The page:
Adopting multiple healthy habits may significantly lower risk of coronary heart disease in men
Even men taking blood pressure or cholesterol medications may benefitnefit
Boston, MA -- A prospective study of 42,847 middle-aged and older U.S. men participating in the Health Professionals Follow-up Study has found that a healthy lifestyle is associated with a lower risk of coronary heart disease (CHD), even among men taking antihypertensive or lipid-lowering medications. The research, which is the first to look at the role of a healthy lifestyle and CHD in men in this age group, is published in the July 3, 2006 online edition of Circulation.
The research team, led by Eric Rimm, associate professor of epidemiology and nutrition at Harvard School of Public Health (HSPH) and Stephanie Chiuve, research fellow in nutrition at HSPH, did a 16-year follow-up of men aged 40-75 in the Health Professionals Follow-up Study, a men's health study that began in 1986. The researchers defined healthy lifestyle factors as not smoking, daily exercise, moderate alcohol consumption, a healthy body weight and a healthy diet (based upon the Alternate Healthy Eating Index developed by HSPH, which targets food and nutrients associated with lower risk of chronic disease). The study, which documented 2,183 coronary events, found that men with all five healthy lifestyle factors had a lower risk of CHD compared to men with none of those factors. It also found that 62 percent of coronary events may have been prevented if all men in the study population adhered to all 5 healthy lifestyle factors; for those men taking medications, 57 percent could have been prevented. Men who adopted two or more low-risk factors during the study period (1986-2002) had a 27 percent lower risk of CHD. Overall, for each healthy lifestyle factor, the authors found an inverse association with CHD risk.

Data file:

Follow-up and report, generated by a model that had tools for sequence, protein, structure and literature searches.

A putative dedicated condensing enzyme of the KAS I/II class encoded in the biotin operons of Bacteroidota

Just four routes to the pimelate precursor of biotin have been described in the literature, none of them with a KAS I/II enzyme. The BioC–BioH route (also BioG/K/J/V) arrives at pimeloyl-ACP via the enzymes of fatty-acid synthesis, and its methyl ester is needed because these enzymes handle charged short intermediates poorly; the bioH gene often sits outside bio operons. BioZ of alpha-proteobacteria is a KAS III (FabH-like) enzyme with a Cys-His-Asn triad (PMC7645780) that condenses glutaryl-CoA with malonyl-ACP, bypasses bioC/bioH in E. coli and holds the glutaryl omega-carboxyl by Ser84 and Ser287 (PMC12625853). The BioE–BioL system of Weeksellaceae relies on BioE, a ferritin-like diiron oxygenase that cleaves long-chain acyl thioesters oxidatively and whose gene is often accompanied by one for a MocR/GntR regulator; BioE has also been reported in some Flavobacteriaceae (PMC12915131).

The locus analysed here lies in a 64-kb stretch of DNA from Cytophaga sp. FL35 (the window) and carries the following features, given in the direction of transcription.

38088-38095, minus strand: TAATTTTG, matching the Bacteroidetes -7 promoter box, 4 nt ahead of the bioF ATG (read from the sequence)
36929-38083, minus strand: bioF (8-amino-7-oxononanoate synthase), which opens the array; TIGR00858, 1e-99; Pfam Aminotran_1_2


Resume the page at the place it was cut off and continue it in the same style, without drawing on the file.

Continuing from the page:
Chiuve says the study shows that middle-aged and older men who adopt a healthy lifestyle, including men taking antihypertensive or lipid-lowering medications, have a lower risk of CHD. "It's never too late to make changes to become healthier," she said.
The study was supported by a grant from the National Institutes of Health and an Established Investigator Award from the American Heart Association. Chiuve was supported in part by an institutional training grant from the National Heart, Lung, and Blood Institute.
Harvard School of Public Health is dedicated to advancing the public's health through learning, discovery, and communication. More than 300 faculty members are engaged in teaching and training the 900-plus student body in a broad spectrum of disciplines crucial to the health and well being of individuals and populations around the world. Programs and projects range from the molecular biology of AIDS vaccines to the epidemiology of cancer; from risk analysis to violence prevention; from maternal and children's health to quality of care measurement; from health care management to international health and human rights. For more information on the school visit: www.hsph.harvard.edu
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